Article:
Barking up the right tree


Jim Barker deserves to be named the CFL’s head coach of the year

The 13th Man
Jonathan Hamelin
Sports Editor

They were in command of two of the most dominant teams in the CFL during the regular season, led their respective teams to the Grey Cup yet again, and managed to forge a paternal bond with their players and staff all the while.

With Saskatchewan Roughriders head coach Ken Miller and Montreal Alouettes head coach Marc Trestman being named two of the finalists for the CFL’s head coach of the year award, which are being announced Feb. 25 in Vancouver, one could assume it will be a two-horse race for the award.

But, with all due respect to two talented coaches, the award this year should go to the third and final candidate: Jim Barker.

Vouching for Barker to be recognized above all other coaches is certainly something I would have never imagined doing heading into the season. When Barker was selected to fill Toronto’s head coaching vacancy, I was stunned.

In fact, I wrote an article online titled “An open letter to Jim Barker”. In this letter, I criticized Barker’s early decision to name Cleo Lemon, a rather inexperienced commodity, as a starter over Dalton Bell, who had outplayed Lemon during the preseason. I went on to criticize the Argonauts for not hiring a proven candidate like Scott Milanovich. I felt the offensive genius that is Milanovich would help bolster Toronto’s on-life-reserve offence. I also thought the Argonauts were unwise getting rid of stellar rusher, and Toronto’s top offensive player from last season, Jamal Robertson.

So naturally, after I laid it all on the line in letter form, Barker proceeded to lead the Argonauts into the playoffs, Lemon played respectably for most of the season, and Cory Boyd emerged as a dominant running back for the Double Blue.

The fact that I, and many other critics, could be proven so wrong about Barker is reason enough that he should be named the coach of the year. Everyone knew there was a very good shot Miller and Milanovich would lead their team to the Grey Cup, but almost no one even gave Toronto a shot to make the playoffs. Barker, who had posted a 5-13 record during his last head coaching stint in the league, didn’t seem like the main to right the sinking ship.

The Argonauts finished 9-9 this season and earned a berth into the playoffs. This was very good for a team who was trying to rebuild from scratch yet again. Toronto had only won a total of six games in the previous two seasons. Then, the Argonauts strolled into Hamilton and knocked of the Tiger-Cats in the first round of the playoffs. The Double Blue was subsequently destroyed by Montreal in the East Final, but the team already had reason enough to celebrate.

Much of the team’s success this season can be attributed to Barker.

When he joined the Argonauts, one could sense that he knew things wouldn’t change overnight. It was clear that Barker was willing to be patient. After Toronto’s lacklustre Week 1 loss to the Calgary Stampeders, it appeared like the Argonauts were in for another long season. However, there was no evident panic from Barker. Then, Toronto stunned basically everyone by winning three straight, riding the legs of Boyd and a steady defence. In Week 7, the Argonauts beat the Alouettes (with Anthony Calvillo starting) 37-22. It was a huge statement game for Barker and the Argonauts. The team’s rapid pace would slow down in the second half of the season, but Barker’s patience had paid off – Toronto had made the playoffs in what was deemed a rebuilding year.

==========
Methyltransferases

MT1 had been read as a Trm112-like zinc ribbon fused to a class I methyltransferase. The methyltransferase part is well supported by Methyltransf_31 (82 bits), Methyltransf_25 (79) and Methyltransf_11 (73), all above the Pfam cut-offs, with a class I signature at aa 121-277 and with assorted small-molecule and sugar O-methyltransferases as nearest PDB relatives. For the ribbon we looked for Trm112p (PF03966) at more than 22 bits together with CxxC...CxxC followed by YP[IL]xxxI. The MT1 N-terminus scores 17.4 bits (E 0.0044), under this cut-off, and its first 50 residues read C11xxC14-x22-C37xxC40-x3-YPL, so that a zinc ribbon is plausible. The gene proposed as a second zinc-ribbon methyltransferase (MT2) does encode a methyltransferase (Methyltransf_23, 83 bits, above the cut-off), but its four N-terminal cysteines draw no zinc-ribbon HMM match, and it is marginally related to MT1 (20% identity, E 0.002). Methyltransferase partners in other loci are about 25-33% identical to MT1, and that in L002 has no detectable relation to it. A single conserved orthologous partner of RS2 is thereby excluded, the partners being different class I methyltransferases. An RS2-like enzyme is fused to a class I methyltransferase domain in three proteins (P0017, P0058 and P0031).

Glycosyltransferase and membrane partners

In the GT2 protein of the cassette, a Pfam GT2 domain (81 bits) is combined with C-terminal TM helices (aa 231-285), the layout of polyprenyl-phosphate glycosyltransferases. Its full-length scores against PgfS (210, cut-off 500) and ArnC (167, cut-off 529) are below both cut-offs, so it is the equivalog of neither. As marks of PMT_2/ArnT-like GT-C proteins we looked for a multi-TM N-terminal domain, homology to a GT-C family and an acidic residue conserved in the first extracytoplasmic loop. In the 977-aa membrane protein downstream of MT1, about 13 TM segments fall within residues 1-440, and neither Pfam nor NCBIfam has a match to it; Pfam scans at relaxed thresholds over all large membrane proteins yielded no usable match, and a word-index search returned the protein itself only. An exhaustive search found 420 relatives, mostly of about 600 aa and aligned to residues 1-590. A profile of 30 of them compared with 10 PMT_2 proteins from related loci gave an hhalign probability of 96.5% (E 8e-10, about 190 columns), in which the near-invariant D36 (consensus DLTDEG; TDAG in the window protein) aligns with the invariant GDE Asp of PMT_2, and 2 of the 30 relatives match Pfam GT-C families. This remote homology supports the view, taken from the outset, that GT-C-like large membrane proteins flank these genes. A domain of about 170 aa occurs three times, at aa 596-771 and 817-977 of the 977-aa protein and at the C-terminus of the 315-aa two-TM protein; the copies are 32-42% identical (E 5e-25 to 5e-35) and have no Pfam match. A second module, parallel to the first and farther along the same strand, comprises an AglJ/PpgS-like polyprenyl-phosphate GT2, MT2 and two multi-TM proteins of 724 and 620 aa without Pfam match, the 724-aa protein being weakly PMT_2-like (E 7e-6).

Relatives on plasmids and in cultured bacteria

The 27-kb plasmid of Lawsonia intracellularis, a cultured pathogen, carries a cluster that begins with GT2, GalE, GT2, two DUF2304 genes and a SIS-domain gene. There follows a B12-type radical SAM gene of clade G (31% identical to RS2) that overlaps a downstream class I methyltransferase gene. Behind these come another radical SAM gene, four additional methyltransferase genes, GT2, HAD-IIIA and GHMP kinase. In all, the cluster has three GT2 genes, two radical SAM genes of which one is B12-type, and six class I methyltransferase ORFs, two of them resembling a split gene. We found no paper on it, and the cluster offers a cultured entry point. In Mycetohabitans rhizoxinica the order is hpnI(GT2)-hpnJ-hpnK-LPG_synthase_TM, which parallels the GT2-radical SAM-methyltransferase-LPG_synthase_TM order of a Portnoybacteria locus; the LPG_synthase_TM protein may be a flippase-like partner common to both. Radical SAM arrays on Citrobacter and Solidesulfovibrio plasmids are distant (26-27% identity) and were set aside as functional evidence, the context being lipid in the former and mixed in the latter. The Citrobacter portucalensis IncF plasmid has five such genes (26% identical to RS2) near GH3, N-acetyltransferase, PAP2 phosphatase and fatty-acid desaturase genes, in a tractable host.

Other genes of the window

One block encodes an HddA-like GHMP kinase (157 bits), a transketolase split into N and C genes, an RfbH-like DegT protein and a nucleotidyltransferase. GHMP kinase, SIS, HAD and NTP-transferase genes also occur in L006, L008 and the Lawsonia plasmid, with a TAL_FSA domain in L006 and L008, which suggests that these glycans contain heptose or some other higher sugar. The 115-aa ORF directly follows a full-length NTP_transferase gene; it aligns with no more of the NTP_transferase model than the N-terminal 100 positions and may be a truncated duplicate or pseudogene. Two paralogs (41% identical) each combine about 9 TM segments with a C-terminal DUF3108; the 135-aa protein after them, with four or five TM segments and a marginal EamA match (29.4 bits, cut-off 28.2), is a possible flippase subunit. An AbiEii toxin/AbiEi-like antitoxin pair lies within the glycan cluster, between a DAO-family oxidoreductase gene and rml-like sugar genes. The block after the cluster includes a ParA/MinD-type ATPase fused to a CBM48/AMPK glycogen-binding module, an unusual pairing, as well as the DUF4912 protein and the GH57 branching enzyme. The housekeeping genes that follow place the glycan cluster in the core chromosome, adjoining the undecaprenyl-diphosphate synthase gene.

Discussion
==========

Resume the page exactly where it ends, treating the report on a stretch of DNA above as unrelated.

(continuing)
Barker’s patience was most evident in how he dealt with Lemon. After controversially being named the starter, Lemon was sour early in the season. Throughout the first several weeks, he rarely threw for over 200 yards and had more interceptions than touchdowns. But Barker remained adamant that Lemon was his starter. Barker realized Lemon was in his first season and might need time to develop. For a coach, especially a coach in his first season with a struggling team, it must be so tempting to change quarterbacks at the first sign of a struggle. Barker didn’t, and Lemon ended posting decent numbers for a young quarterback – 3,433 passing yards, 15 touchdowns, 19 interceptions and a 78.1 rating.

More importantly, by sticking with Lemon, Barker sent a message to his players that he had faith in them. Many people think of Miller or Trestman when discussing players’ coaches, but Barker’s players undoubtedly wanted to play for him. This respect Barker has gained will help the Argonauts keep players and wrangle other ones in.

Now, there is a chance that Toronto will revert back to their struggles next season. Maybe 2010 was nothing more than a Cinderella run. Perhaps Lemon is not the starting quarterback Toronto is looking for.

However, to not acknowledge Barker for a season that was simply magical would be wrong.

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